A dark chapter in Dahlonega’s history is commemorated at the Yahoola United Cherokee Museum & Cultural Education Center. Cherokee and Creek nations were the first to settle Dahlonega—the town gets its name from from the Cherokee word talonega, which translates to metal gold—but the Indian Removal Act of 1830 forced them off their land, and onto the horrific “Trail of Tears” march to Oklahoma. Cherokees operate the museum and it tells this story and celebrates their living history in Dahlonega today.

Road Trip Destinations:

Kailua Village (Kailua-Kona), Hawaii

Though it would be easy to spend an entire vacation in Kailua Village (Kailua-Kona), located along the scenic Kona coast of Hawaii’s Big Island, lounging in the white sands by the Kailua Pier, the historic seaside village offers much more than its natural beauty.

Just a 22-mile drive from Kailua Village, Pu`uhonua O Hōnaunau National Park holds the skeletons of chiefs, which are believed to infuse the area with power. Kailua Village’s own legacy is a royal one—Hulihee Palace, one of only three royal palaces in the United States, was built there in 1838 by King Kamehameha I’s brother-in-law. Before Hawaii was annexed by the United States in 1898, Hawaii was a kingdom with its own monarchy, and this palace was once a favorite haunt of its royal family. Today the two-story rectangular palace constructed of rubble lava rock has been converted into a museum run by the Daughters of Hawaii. The Ahu‘ena Heiau temple in the village is also worth the trip. Now a National Historic Landmark, the temple was where King Kamehameha the Great lived when he ruled Hawaii.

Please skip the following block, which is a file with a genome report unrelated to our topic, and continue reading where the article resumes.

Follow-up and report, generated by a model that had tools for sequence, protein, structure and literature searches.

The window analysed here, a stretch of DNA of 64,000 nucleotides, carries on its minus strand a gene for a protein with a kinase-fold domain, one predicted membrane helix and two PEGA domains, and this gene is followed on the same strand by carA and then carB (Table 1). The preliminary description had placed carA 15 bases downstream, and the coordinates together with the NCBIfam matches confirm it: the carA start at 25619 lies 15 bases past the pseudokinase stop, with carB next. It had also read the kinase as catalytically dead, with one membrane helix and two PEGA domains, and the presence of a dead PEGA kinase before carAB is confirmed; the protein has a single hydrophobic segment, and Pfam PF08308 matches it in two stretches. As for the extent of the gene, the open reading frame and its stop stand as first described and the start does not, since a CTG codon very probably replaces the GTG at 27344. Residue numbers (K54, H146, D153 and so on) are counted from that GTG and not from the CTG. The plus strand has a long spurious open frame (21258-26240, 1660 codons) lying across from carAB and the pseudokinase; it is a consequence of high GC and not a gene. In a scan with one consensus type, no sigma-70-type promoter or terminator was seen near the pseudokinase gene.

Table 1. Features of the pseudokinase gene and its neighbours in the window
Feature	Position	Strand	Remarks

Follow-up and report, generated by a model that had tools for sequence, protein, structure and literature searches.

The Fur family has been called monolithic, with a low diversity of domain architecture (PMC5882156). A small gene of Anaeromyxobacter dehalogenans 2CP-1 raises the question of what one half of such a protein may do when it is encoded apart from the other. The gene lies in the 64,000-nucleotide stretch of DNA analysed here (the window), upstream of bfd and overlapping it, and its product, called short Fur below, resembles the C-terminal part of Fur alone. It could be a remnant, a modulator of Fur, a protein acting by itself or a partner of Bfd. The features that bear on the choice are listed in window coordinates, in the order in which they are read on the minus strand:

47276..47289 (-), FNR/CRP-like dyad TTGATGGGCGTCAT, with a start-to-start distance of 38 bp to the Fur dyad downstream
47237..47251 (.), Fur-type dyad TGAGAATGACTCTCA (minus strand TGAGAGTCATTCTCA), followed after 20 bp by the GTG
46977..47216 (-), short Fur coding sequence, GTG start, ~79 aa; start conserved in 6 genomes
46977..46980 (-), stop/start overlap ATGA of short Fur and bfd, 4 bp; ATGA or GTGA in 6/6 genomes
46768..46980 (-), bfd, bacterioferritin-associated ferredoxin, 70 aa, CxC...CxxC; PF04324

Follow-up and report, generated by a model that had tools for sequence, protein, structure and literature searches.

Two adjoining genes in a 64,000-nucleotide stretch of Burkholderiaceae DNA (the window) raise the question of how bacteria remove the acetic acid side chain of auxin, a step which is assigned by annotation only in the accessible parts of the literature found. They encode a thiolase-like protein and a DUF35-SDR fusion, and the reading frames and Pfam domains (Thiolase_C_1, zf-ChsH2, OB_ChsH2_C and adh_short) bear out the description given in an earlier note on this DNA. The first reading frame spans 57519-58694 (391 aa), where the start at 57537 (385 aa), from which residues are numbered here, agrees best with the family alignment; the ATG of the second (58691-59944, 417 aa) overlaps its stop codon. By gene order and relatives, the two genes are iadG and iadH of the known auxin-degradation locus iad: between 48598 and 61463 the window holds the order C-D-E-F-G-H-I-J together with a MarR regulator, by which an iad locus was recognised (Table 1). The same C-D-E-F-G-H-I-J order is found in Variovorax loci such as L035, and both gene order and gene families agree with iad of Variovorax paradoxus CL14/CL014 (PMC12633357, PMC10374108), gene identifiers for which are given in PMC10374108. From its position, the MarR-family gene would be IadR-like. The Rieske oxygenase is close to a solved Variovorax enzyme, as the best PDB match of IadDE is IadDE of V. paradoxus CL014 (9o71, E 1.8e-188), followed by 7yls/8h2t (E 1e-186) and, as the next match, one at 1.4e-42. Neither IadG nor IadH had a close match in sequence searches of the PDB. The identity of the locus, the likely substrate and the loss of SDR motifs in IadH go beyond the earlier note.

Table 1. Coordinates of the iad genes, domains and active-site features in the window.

Caffeine enthusiasts should take note that Hawaii’s Kona coffee beans are celebrated every November in the village at the annual Kona Coffee Cultural Festival. Kona coffee beans can also be purchased at the Kona Farmers and Crafts Market open Wednesday through Sunday every week in Kailua where more than 40 vendors sell locally grown produce and handcrafted art.

When you do find yourself returning to the beach, know that Kailua’s Pier has its own history. Once the place where Hawaiian cowboys (paniolo) used to load cattle, today it serves as a destination for fishing and extreme sports. While you soak in the sunshine, look for signage on the pier that marks the start and finish line of the Ironman Triathlon World Championship, which is hosted in Kailua Village every October.

Road Trip Destinations:

Bar Harbor, Maine

More than 5,316,000 lobsters are eaten in Bar Harbor every year, according to its Chamber of Commerce. The fresh seafood straight from Maine’s coastal waters is one reason this town in the Mount Desert Island is so beloved by its visitors. Galyn’s Restaurant or Stewman's Lobster Pound are great picks to sample your own lobster rolls or try the crustaceans in linguini or even enchiladas. For those looking for a truly out-there lobster treat, head to Ben & Bill’s Chocolate Emporium. The dessert shop serves lobster ice cream, a combination that’s been called “disconcerting.” But that’s on purpose—the owners set out to create a flavor that would show “without a doubt,” that they create their own ice cream.

Bar Harbor isn’t famous for lobster alone. The town, in the shadow of the island’s Acadia National Park, has a picturesque waterfront featuring independent bookstores, antique shops, galleries and gift shops. It’s a great place to people watch or enjoy the outdoor sculptures, 38 in total, as well as a permanent monument to ordinary people doing ordinary things, the “Seinfeld”-ian “Avenue of the People.”

The town’s reputation for being a summer resort dates back to the 1850s, when painters like Thomas Birch highlighted Bar Harbors’ seascapes and mountains. “Birch Point”, the first cottage built on the island, was erected in 1868, starting a trend for the many opulent summer cottages that call Bar Harbor home today.

Abbe Museum, a Smithsonian Affiliate museum, puts a spotlight on the area’s earliest inhabitants, the Wabanaki Nation. The museum worked closely with Wabanaki people to share their stories, history and culture. Browse the 50,000 archaeological, historic and contemporary objects, including an incredible collection of baskets. For those wanting to learn more about the art of weaving, the Annual Native American Festival and Basketmakers Market is held every summer.